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Charges Dropped Against Four Social Workers In Gabriel Fernandez Case

Update: Charges against the social workers who were connected to the Gabriel Fernandez case have been dropped. After years of litigation, news coverage, and a Netflix special, the case has come to an end with the social workers cleared of any wrongdoing.

Gabriel Fernandez was tortured and killed by his mom and her boyfriend in May 2013.

Fernandez was 8 years old when he was murdered and his mother and her boyfriend were eventually convicted of his murder. After their conviction, the focus was placed on the social workers who handled Fernandez. Charges were brought against four of the social workers and a community waited to hear their fate.

The dismissal was expected after an appellate court ruled that the social workers should not face charges. The decision was well-received by the Los Angeles County Department of Children and Family Services. Yet, some members of the community, and Fernandez’s family, are disheartened by the decision by the court.

Original: In their latest documentary series, Netflix asks the question just how eight-year-old Gabriel Fernandez, an so many other abused children like him, slip through the cracks of our systems?

The emotional and deeply harrowing story of how the Los Angeles boy was found naked with shattered ribs and a cracked skull horrified readers back in 2013 when reports of his death were published. The boy had been found at his family’s home in Palmdale, California and died two days later on May 22, 2013 and what remained sparked investigations into how an entire system meant to protect him sorely let him down.

The series, The Trials of Gabriel Fernandez comes from documentarian Brian Knappenberger, and focuses on the child’s death and the arrest of his mother and her boyfriend.

The documentary, whose trailer dropped early this week, is set to focus on the role of the government systems that failed to protect Gabriel. By the time of his death, multiple reports of abuse had been filed and various warning signs became apparent. Soon after his death Gabriel’s mother, Pearl Fernandez pleaded guilty to first-degree murder and admitted she’d intentionally meant to murder her son by torture. For her part, Fernandez was sentenced to life in prison without parole. Her boyfriend, Isauro Aguirre, was later sentenced to death after being convicted of first-degree murder with “the special circumstance of intentional murder by torture.”

In a recent interview with Entertainment Weekly, Knappenberger highlighted the series most prevalent questions. Including if there will be a season 2.

Speaking to Entertainment Weekly Knappinger says he hopes to have a second series so that audiences can hear from Aguirre or Fernandez who were not featured in the series.

“Yes, I still want to hear from them,” Knappenberger said. “It’s not like we created this television series and now we’re on to the next thing, moving on with our lives. This is something that is lodged in the heart of everybody that worked on it. Part of it is a mystery. Like, who are these people? How did this happen? Why did this boy’s life get taken like this? There are still so many unanswered questions. So if they wanted to talk to me, I would absolutely talk to them on the record.”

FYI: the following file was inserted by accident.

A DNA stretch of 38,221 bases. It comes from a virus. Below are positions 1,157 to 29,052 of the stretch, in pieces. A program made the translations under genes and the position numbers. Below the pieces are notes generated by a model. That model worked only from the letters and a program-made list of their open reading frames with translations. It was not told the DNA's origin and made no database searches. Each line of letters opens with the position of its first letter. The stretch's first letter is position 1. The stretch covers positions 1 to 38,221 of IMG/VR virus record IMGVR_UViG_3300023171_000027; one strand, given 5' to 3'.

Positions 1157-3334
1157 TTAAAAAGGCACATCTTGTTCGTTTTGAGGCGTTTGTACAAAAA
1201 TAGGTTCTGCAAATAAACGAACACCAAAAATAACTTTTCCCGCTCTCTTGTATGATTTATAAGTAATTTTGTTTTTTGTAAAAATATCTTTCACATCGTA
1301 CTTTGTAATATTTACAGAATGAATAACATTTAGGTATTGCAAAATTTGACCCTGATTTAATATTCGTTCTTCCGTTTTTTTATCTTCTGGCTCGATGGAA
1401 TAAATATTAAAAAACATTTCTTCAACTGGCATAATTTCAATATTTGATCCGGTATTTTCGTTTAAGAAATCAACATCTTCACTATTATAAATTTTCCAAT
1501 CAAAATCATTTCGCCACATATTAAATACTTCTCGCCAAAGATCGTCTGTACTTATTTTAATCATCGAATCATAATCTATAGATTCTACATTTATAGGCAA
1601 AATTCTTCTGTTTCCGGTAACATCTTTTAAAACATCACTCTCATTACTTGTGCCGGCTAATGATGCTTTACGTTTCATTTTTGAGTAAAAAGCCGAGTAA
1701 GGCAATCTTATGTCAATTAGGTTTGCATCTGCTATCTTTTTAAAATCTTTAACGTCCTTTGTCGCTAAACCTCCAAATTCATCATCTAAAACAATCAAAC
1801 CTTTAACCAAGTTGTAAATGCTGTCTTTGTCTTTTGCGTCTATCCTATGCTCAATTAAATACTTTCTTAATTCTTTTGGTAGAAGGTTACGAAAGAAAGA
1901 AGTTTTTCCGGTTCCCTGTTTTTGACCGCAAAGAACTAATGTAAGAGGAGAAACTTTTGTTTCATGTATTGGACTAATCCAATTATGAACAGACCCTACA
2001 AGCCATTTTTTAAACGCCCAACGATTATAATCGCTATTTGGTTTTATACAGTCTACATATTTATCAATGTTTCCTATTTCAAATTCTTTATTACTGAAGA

According to Knappinger, Fernandez’s death has brought about change in Los Angeles County’s Department of Children and Family Services 

According to a statement released by the department to the WRAP after the docuseries, they have hired more than 3,500 new social workers since 2013 and carried out a five-to-one ratio of supervisors to social workers. 

“It should never take the death of a child to address weaknesses and make investments in improvements for child protection; it is in his memory and in pursuit of the safety of Los Angeles County’s two million children that we have reformed how child protection work is done,” the statement said. “This new era of reform began immediately following Gabriel’s death and continues on today with Director Bobby D. Cagle who joined the Department in December 2018.”

During Aguirre’s trial, prosecutors claimed that Gabriel had been forced to eat cat feces and cat litter.

He’d also been forced to sleep while bound up and gagged in a small cabinet and he’d been struck by his mother’s boyfriend with metal hangers, a bat and a club. According to the Los Angeles Times, Gabriel had been brutally beaten up by his mother and Aguire after he didn’t clean up his toys. Prosecutors alleged that Aguirre abused and killed Gabriel because he thought he was gay.

Speaking to People in an interview about the new series, Knappenberger said, “What we do know is that he called him gay when he was beating him. And it’s one of the first things he told the first responders when the first responders entered the house and were trying to save Gabriel’s life. So take from that which will, but it certainly played a role.”

At the heart of the 2013 trials were questions related to how all of this started and how it continued to play out for so long.

According to Knappenberger Gabriel came from a struggling home environment and spent much of his life being passed between relatives before returning to his mother’s home who “took him back for welfare money, that she wanted extra welfare money.”

At their 2018 sentencing,  Los Angeles Judge George G. Lomeli called the violence the boy suffered “horrendous, inhumane and nothing short of evil.”

The Trials of Gabriel Fernandez” is set to start streaming on Netflix on Feb. 26.

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